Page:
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Go to start of metadata Simon Montlake| Correspondent of The Christian Science Monitorfrom the November 28, 2007 edition

PORONG, INDONESIA - On one side of the levee, a line of trucks waits on a clogged, two-lane road under a broiling sun. On the other, a vast lake of mud stretches to the horizon. Neither appears to be moving.

In the distance, a trail of white smoke rises from a hole in the ground where the mud flow began 18 months ago. Despite attempts to stanch the sludge, such as by dropping giant concrete balls from helicopters into the fissure, the mud continues to gush, swallowing everything in its path.

Prone to earthquakes and volcanoes, Indonesia is no stranger to natural disasters. But what befell this densely populated slice of Java Island was, by most accounts, a man-made calamity.

Last May, an Indonesian energy company drilling for natural gas accidentally opened a fissure in the ground from where hot, viscous mud began erupting. The unstoppable stinking ooze has since swallowed up 11 towns, destroying homes, factories, schools, and farms, and forcing some 16,000 people to uproot.

But its calm oily surface is deceptive. The mud, which contains heavy metals and chemicals such as benzene and sulfurdioxide, has also contaminated rivers and wells in a city-sized area that was semi-industrial farmland and a shrimp production zone. Indonesia's national planning agency has put the economic damages at $334 million a month and says the final bill could be as high as $8.6 billion.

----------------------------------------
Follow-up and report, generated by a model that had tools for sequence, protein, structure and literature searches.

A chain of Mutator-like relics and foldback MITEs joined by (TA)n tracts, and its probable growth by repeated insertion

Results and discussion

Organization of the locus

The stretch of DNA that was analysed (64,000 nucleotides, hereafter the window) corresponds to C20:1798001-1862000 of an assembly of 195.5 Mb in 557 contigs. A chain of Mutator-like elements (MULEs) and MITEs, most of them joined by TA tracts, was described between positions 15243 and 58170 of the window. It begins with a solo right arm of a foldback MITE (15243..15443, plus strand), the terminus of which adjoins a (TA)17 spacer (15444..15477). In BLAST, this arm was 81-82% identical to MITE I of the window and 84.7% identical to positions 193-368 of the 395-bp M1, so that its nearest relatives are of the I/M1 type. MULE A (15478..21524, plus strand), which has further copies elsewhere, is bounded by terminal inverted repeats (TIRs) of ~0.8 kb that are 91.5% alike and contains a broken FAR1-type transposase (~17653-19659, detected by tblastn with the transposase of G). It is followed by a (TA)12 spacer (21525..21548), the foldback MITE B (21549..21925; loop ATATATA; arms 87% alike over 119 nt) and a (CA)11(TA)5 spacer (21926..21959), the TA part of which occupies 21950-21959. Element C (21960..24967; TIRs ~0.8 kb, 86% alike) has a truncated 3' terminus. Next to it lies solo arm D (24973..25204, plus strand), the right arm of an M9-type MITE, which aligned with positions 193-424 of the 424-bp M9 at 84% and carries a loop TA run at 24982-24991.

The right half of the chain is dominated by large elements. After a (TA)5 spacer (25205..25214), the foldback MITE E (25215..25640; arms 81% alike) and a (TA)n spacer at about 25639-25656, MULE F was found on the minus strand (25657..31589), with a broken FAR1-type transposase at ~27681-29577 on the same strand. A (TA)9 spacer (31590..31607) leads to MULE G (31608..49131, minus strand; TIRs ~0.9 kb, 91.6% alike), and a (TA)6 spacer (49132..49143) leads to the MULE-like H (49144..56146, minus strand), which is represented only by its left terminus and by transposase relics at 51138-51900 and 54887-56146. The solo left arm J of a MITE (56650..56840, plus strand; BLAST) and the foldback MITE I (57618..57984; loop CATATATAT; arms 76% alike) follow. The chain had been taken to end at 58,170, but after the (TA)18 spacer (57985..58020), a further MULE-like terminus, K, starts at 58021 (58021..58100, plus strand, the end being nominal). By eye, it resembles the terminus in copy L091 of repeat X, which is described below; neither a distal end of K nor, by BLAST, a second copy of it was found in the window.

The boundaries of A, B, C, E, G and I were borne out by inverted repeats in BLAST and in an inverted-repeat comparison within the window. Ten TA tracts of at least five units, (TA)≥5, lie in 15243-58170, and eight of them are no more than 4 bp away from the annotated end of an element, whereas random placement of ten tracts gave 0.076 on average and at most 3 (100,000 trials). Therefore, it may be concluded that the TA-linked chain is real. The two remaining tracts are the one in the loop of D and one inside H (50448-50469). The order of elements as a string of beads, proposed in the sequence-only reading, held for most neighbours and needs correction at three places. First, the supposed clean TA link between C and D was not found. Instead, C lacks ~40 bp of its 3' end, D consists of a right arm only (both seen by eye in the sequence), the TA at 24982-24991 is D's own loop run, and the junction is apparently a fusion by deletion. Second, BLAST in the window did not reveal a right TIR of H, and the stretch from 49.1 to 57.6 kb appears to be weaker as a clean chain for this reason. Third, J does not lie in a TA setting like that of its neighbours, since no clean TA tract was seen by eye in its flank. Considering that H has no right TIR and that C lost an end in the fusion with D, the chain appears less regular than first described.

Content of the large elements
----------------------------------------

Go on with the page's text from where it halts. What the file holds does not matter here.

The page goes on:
A network of dams now holds back the mud, and engineers are trying to pump some of the sludge out to sea. Already, an estimated 1 billion cubic feet of mud has inundated an area of 2.5 square miles.


The disaster has become a political liability for President Susilo Bambang Yudhoyono, whose hesitant response was complicated by his ties to Minister of Public Welfare Aburizal Bakrie, a prominent businessman whose family-run conglomerate owns Lapindo. Political opponents say that Mr. Bakrie, formerly chief economics minister, only kept his cabinet post in an April reshuffle because he is a financial backer of President Yudhoyono, who faces reelection in 2009.

Whatever the political calculations in Jakarta, disgruntled residents here blame both parties for their plight. A painted banner across an abandoned stretch of toll road in the disaster zone reads "Lapindo + Government = Madness."